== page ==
Numlock News: March 31, 2022 • Caves, Autographs, Rock & Roll
By Walt Hickey
The livestreaming sector has exploded within China, and the ocean of cash flowing to creators has regulators worried. The industry as a whole is worth $30 billion, but authorities are drafting caps on users’ daily spending on digital tipping, and caps on how much streamers can make from fans. Tips can range from the equivalent of a couple of cents to the equivalent of thousands of dollars. The current gift cap being discussed is reportedly 10,000 yuan, or around $1,570, worth of gifts a day that a host can accept. The fear is that young people may be drawn to the lucrative field of livestreaming rather than go into occupations officials prefer they’d pursue.
The price of a 9-kilogram box of avocados from Michoacan in Mexico has hit 760 pesos, or about $38. That’s up 81 percent this year, and stands as the highest on record going back to 1998. Overall, Mexico’s output of avocados is projected to drop 8 percent in the 2021–22 crop year, and earlier this year shipments were temporarily banned after threats were made against American agricultural inspectors. Mexico supplies 80 percent of avocados consumed in the U.S., with California supplying 15 percent. Overall, per capita consumption of avocados stands at north of 9 pounds, double the amount in 2010.
Brendan’s Man Cave Is More Like A
FOCO is a manufacturer of licensed fan goods, meaning they pay universities and colleges in order to produce merch about their sports teams. One product they have is particularly illuminating as to how this licensing business works: the “Man Cave” wall decor that’s been sold since at least 2017. It’s a couple of linked boards with a team’s logo declaring the current room a man cave, and iterating a number of vaguely chauvinist rules including “man controls all remotes when the [team] play,” an exhortation to wear team colors, and then “what happens in ‘the cave’ stays in ‘the cave.’” There are 69 different versions of this sign for sale for about $35, for 44 pro teams and 21 college teams. What’s interesting is the teams that break from the boilerplate: Specifically, Michigan State and Penn State, two schools rocked by sex abuse scandals, swap out the first and last rules for a less menacing “no changing the channel” and “cheer on Michigan State and have fun.” Nine other teams also drop the man branding, instead using the gender-neutral “Fan.” All of those are active requests from the schools and teams.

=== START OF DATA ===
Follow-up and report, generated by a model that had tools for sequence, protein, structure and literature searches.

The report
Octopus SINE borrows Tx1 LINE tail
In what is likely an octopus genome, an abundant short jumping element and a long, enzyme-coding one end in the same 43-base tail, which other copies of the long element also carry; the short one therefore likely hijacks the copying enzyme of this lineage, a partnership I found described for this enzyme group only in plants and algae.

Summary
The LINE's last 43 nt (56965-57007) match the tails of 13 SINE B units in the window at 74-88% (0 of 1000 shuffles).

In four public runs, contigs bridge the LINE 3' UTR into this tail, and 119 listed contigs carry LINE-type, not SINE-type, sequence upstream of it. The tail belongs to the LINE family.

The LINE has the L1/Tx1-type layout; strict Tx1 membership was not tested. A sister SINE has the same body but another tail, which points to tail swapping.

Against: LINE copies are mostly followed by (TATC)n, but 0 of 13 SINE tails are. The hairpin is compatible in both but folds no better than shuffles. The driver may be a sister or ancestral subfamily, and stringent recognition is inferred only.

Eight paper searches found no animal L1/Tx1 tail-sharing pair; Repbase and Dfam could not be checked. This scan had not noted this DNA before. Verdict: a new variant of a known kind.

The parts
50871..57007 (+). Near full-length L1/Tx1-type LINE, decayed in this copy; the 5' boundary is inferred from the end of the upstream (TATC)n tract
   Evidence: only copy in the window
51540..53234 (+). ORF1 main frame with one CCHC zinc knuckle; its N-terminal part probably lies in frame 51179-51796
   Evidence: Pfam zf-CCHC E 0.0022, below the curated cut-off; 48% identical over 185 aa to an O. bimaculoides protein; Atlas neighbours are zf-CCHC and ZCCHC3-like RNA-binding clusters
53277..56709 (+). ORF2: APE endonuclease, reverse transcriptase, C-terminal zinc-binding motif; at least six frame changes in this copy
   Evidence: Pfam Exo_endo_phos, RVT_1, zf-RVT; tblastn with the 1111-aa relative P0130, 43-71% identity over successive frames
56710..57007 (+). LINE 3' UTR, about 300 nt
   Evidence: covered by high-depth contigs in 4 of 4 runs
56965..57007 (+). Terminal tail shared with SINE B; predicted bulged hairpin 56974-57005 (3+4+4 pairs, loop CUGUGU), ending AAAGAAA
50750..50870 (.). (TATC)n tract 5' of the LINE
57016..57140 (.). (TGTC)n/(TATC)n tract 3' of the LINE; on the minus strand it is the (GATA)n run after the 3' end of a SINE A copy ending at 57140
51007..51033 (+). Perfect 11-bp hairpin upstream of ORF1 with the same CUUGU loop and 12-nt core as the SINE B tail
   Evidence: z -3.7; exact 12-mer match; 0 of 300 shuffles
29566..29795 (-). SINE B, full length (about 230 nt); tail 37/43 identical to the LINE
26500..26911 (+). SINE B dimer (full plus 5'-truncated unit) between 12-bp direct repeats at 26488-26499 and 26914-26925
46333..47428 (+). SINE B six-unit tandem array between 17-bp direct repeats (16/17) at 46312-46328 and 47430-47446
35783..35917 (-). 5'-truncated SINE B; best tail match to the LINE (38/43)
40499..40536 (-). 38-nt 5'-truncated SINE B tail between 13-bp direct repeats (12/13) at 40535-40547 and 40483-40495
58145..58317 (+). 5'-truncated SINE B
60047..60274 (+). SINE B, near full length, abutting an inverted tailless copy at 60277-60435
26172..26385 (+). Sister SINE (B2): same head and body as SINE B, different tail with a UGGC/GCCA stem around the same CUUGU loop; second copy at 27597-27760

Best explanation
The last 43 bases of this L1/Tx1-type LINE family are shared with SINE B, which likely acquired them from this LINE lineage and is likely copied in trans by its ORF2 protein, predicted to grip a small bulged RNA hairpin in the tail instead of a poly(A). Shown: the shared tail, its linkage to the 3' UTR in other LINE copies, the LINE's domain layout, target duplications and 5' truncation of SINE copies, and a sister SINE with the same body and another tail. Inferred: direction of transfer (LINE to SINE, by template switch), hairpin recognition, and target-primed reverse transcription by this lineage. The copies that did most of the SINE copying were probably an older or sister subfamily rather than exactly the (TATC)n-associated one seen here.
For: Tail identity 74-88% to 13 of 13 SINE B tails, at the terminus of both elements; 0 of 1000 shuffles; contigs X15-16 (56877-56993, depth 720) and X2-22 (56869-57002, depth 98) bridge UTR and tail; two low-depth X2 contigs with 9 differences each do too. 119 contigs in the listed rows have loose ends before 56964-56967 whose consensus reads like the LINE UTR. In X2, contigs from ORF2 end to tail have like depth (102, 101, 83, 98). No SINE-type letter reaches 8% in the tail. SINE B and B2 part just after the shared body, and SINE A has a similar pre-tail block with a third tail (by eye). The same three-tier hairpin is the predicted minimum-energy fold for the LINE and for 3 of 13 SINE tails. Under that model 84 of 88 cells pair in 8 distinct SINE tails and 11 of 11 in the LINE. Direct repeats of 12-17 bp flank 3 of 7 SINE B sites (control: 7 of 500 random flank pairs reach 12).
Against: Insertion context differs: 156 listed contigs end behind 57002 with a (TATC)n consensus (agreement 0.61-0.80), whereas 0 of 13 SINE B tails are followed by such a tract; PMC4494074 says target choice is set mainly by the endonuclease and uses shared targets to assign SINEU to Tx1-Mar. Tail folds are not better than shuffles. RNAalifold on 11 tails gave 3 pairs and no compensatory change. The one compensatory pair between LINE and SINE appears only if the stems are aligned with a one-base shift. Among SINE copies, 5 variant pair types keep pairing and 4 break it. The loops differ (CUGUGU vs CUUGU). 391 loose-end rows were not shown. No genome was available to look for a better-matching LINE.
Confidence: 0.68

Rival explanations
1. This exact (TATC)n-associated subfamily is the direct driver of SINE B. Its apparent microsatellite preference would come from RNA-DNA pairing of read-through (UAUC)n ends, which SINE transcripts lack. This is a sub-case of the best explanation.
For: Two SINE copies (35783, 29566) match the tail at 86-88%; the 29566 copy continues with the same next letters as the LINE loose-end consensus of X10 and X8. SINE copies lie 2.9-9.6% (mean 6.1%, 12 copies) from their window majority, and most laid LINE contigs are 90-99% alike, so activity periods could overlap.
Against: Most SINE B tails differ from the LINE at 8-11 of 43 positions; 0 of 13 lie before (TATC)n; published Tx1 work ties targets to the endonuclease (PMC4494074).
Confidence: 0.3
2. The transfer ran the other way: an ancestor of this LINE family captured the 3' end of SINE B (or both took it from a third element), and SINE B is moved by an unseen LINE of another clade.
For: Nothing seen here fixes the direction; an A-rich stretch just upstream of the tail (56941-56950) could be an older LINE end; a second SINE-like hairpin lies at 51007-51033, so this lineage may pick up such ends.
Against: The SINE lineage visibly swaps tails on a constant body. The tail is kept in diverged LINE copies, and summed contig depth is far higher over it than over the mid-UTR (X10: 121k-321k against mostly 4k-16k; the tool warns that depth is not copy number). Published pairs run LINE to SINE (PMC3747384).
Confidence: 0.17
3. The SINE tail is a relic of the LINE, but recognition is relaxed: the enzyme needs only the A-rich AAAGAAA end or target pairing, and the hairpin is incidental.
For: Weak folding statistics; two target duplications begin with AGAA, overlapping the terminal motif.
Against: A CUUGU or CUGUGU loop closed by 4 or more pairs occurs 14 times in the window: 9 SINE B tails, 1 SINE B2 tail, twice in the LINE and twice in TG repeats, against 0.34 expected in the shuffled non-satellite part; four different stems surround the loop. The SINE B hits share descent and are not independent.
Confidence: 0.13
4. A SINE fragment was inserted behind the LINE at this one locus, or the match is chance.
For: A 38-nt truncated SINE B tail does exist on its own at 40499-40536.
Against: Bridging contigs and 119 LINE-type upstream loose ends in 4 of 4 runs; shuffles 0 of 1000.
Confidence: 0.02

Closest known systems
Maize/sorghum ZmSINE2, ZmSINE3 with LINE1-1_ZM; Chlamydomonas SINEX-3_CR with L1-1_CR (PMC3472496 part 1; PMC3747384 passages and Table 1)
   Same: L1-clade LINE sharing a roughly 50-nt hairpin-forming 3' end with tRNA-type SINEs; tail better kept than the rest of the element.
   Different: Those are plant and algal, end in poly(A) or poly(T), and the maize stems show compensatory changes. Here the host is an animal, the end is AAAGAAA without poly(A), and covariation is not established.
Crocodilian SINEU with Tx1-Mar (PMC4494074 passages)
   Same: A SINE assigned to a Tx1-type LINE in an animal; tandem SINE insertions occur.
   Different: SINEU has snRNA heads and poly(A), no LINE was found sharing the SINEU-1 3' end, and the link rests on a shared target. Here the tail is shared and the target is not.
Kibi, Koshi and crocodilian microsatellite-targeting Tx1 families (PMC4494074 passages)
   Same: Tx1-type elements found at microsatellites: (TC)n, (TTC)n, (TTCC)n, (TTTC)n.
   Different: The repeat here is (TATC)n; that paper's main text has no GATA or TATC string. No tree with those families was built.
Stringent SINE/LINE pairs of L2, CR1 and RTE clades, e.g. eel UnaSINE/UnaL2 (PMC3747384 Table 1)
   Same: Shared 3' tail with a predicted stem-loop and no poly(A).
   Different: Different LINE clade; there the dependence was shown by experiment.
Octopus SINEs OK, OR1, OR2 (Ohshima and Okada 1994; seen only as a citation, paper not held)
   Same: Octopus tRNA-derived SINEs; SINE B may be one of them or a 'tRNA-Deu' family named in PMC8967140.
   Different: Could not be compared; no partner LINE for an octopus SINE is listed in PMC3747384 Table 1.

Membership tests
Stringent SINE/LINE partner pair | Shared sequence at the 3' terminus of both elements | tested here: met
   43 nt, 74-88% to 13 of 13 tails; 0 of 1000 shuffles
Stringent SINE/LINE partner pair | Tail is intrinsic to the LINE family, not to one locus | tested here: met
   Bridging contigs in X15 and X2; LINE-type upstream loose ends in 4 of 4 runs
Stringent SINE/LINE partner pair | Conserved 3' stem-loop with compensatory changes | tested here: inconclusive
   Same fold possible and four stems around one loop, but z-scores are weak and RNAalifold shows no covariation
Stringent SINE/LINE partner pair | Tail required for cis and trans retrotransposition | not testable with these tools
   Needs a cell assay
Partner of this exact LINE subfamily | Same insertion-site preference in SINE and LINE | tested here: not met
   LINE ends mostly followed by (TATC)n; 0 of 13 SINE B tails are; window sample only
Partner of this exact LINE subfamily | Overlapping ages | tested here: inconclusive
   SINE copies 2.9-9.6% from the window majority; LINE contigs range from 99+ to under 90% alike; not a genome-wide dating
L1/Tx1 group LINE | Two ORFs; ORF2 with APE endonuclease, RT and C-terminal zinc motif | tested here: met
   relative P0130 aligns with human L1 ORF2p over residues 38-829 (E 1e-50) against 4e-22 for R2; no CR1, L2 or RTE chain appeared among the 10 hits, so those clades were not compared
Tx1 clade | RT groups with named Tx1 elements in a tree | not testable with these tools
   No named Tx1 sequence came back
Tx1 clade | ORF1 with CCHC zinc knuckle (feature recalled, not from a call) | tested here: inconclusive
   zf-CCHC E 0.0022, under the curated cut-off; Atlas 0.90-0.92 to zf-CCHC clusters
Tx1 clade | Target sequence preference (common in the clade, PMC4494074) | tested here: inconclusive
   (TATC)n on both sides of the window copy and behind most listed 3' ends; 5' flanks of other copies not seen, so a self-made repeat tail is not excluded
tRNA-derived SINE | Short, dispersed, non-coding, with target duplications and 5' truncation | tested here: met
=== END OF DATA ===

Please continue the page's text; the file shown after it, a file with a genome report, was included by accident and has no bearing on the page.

The new trend among movie stars is private autograph events, where an actor can basically spend all day in a meeting room spending hours signing a bunch of merchandise and items that fans have pre-ordered and mailed in. While hardly a new concept, the pandemic — and the cash crunch that many in the performing arts felt, as well as a surge in interest for memorabilia — really kicked this kind of event into overdrive, meaning that stars can pretty much make maximum wage signing their name for a couple hours at a time, with some pulling in around seven figures a day. One company that organizes these signings, CGC Comics, said it conducted 60 signings in 2020, 90 signings in 2021, and will expect around 120 signings this year. A top performer can get anywhere from $500 to $700 a signature, and if you can do that by a couple hundred items wheeled in by the pallet, plus the flat guaranteed fee, well, you’re talking real money just for signing Funko Pops and comic books for eight consecutive hours.
In 2018, Californians overwhelmingly voted for Proposition 12, which set a minimum bar for animal welfare for livestock that is eventually sold as food in the state, one of which was pork. The National Pork Producers Council has been haggling with the state over the requirements for more space for their pigs, and as their fight has wound its way through the courts the Supreme Court this week agreed it would hear the case. Californians are responsible for 13 percent of the pork consumed in the United States, but their production of pigs is pretty much nil. The producers argue that the law violates the dormant commerce clause, but this issue is actually a pretty tricky one for the court because the issue makes for some extremely weird alliances among the justices given their various beliefs about the rights of states.
There is not a single rock artist among the Grammy nominees for album of the year, record of the year and song of the year. Most of the rock categories are full of older acts, and it’s actually worth considering that maybe it’s not rock music that’s the issue, but rather the Grammys. The award show appears to be seriously out of sync with what’s actually performing; for instance, R&B and hip-hop accounted for the plurality of music consumption last year, at 27.7 percent, but rock was in second place at 20 percent. Indeed, it makes up more on-demand audio streams (17.3 percent) than pop music (13.1 percent), and the top five highest-grossing concert tours of last year were all rock acts.
The Hubble has taken a photo of the most distant single star ever imaged by a telescope, an object whose light took 12.9 billion years to reach us. While we’ve seen things that old before, those were galaxies, and it’s very rare to spot a single star that far and that ancient. The way they caught it was through gravitational lensing, a neat phenomenon where the gravitational pull of a cluster of galaxies can actually magnify and bend the light of distant objects behind it. That light’s had an immensely long journey: The object is seen as it was 900 million years after the Big Bang, when the Universe was 6 percent of its age today.
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